Living in Nijmegen means I’m pretty close to the German border. It’s actually possible to cycle there in only about an hour if you put pedal to the metal, unlike what Dan and I did recently. The nearest city is Kleve, but for this adventure I was going to Dortmund with my German friend Andreas. He lives in Dortmund, so we stayed at his family house, and he was excited to show me round the city he grew up in. Too good an opportunity to pass up on, I thought. So we took the bus and a couple of trains there for only 15 euros, taking about 4 hours because of train delays.
We dropped our stuff off at his house (he kindly gave me his room whilst he slept in the office) and headed out into the city to meet his friend for coffee and cake at a really cute little cafe which served amazing cheesecake. His friend was really nice and we all chatted for ages before heading to a second hand shop which sold literally everything, some of it down right weird. From old paintings of Jesus to odd shoes, all the way to preloved roll-on deodorant. Pretty disgusting!
Then it was time for my first taste of proper German beer and we went to a kiosk which only sold one beer- the beer of Dortmund. The kiosk was so cool, literally like a hole in the wall and you stood outside it to drink your beer. (Which was delicious by the way.) Andi’s friend had to leave us at this point and so began our night of drinking, and it was quite a heavy one! Cocktail bar after cocktail bar, drink after drink, and before we knew it it was the early hours of the morning and we were happily inebriated.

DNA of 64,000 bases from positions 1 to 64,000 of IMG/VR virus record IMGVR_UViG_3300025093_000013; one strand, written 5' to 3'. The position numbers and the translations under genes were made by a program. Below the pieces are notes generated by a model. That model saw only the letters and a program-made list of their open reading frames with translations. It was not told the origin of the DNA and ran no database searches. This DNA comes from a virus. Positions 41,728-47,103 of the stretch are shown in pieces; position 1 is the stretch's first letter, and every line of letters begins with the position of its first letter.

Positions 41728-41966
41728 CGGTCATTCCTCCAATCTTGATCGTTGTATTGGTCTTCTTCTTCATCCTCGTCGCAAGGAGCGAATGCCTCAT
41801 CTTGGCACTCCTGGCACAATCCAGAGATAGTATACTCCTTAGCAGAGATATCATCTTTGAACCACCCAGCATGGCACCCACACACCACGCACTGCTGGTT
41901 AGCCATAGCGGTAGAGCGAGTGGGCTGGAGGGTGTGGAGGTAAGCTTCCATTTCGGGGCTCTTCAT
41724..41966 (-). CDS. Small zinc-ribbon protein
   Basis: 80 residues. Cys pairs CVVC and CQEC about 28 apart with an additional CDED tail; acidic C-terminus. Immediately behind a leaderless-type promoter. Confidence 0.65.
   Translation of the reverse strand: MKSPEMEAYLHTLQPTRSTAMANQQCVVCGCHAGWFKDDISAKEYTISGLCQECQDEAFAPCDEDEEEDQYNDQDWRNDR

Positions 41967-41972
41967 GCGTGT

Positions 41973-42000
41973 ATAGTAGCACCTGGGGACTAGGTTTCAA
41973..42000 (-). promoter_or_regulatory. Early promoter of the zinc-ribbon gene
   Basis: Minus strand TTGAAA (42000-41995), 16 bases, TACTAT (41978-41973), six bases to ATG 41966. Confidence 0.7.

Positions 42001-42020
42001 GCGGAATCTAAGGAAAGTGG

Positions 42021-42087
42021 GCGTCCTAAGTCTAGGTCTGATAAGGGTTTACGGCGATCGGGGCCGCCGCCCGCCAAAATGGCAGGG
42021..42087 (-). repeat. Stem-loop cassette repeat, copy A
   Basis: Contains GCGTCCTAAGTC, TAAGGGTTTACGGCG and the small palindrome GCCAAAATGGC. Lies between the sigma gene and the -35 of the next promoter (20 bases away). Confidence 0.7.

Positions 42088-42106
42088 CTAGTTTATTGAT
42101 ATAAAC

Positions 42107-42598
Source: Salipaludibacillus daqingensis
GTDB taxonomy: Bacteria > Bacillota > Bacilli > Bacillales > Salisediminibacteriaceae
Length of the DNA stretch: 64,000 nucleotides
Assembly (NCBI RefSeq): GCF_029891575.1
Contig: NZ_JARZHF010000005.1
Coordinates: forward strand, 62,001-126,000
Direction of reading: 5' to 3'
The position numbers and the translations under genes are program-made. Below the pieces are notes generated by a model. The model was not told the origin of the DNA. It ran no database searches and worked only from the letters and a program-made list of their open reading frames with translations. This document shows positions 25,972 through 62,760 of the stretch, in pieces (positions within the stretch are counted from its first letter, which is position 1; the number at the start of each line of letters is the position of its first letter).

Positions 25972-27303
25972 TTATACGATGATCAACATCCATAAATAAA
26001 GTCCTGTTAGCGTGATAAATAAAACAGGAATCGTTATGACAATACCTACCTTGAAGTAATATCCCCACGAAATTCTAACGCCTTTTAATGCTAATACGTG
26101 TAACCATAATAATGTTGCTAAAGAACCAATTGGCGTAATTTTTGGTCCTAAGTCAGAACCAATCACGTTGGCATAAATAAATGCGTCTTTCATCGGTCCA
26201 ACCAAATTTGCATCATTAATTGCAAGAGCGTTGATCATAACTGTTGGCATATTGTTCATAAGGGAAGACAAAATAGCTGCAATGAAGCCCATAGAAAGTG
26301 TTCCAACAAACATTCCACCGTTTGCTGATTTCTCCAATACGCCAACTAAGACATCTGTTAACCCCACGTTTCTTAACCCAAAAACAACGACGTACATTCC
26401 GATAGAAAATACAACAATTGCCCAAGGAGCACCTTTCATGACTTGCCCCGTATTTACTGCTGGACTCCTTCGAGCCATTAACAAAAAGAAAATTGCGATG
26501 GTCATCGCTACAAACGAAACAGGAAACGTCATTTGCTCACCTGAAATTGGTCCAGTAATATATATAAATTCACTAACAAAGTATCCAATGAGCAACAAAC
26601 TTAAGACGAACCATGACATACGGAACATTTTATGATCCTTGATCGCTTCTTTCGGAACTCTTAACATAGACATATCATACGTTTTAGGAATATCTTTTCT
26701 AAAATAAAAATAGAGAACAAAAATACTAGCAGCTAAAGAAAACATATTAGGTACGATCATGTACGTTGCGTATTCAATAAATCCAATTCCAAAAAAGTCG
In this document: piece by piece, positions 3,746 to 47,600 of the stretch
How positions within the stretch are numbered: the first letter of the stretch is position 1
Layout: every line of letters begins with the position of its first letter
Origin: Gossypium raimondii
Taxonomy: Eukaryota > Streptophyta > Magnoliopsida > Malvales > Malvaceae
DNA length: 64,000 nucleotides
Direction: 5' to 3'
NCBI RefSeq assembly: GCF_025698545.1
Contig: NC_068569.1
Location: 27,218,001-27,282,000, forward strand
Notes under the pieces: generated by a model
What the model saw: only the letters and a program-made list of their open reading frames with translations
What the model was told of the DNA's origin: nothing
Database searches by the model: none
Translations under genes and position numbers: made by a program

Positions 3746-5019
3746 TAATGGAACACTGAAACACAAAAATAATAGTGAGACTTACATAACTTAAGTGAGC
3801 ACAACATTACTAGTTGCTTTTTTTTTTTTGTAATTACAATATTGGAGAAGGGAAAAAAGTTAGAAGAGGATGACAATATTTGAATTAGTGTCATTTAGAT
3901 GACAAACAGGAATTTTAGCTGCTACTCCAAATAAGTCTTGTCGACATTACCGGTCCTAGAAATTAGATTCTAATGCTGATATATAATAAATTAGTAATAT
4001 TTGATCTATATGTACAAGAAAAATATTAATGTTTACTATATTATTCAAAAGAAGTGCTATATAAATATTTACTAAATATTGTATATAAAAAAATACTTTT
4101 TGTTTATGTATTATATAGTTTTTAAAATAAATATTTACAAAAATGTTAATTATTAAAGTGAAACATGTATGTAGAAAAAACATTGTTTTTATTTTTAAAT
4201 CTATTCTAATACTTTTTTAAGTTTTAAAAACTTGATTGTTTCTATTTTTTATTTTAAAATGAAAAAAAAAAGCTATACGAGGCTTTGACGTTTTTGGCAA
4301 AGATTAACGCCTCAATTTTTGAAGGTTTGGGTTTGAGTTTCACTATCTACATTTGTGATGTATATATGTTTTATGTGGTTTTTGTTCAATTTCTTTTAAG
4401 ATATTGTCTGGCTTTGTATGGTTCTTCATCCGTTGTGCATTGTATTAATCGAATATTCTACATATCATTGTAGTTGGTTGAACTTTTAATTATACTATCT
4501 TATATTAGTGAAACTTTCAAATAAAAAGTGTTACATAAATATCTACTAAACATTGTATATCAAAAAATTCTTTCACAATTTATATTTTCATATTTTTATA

In the morning I had a really special experience. Andi’s parents wanted to have a family breakfast and invited me to join, so I had a traditional German breakfast with a German family! There was an abundance of bread rolls, cold meats and spreads, and a hearty banana loaf. And because I’m English Andi’s mum boiled some eggs as her own knowledge of the British breakfast was that we eat eggs. Super thoughtful though I’m not that fussy! After this we went to have a look at Dortmund’s football ground, obviously really famous and it is massive and massively impressive! We wandered round the outside and then had a mooch around the gift shop.
After this we explored the huge nature reserves the city offers. Because Dortmund used to be such a huge city for mining there are old derelict factories, which look really cool as a backdrop against the woody nature. We headed to the city again after, which is where the true reason for coming to the city was about to take place.
Andi and I bonded at the beginning of the year over a mutual music taste, so when he sent me a Drangsal song and told me about the concert in Dortmund we agreed to go straight away. His music is apparently quite popular in Germany, a sort of modern take on The Cure, with a bit of The Drums thrown in. The show was really good, and it was quite the experience to go to one in another language where I had no idea what was being said between songs. The crowd would laugh and I’d just stare blankly. The concert ended and so did the trip. The next morning we got the train and bus’ back to Nijmegen after what was a great weekend!
Thanks for reading!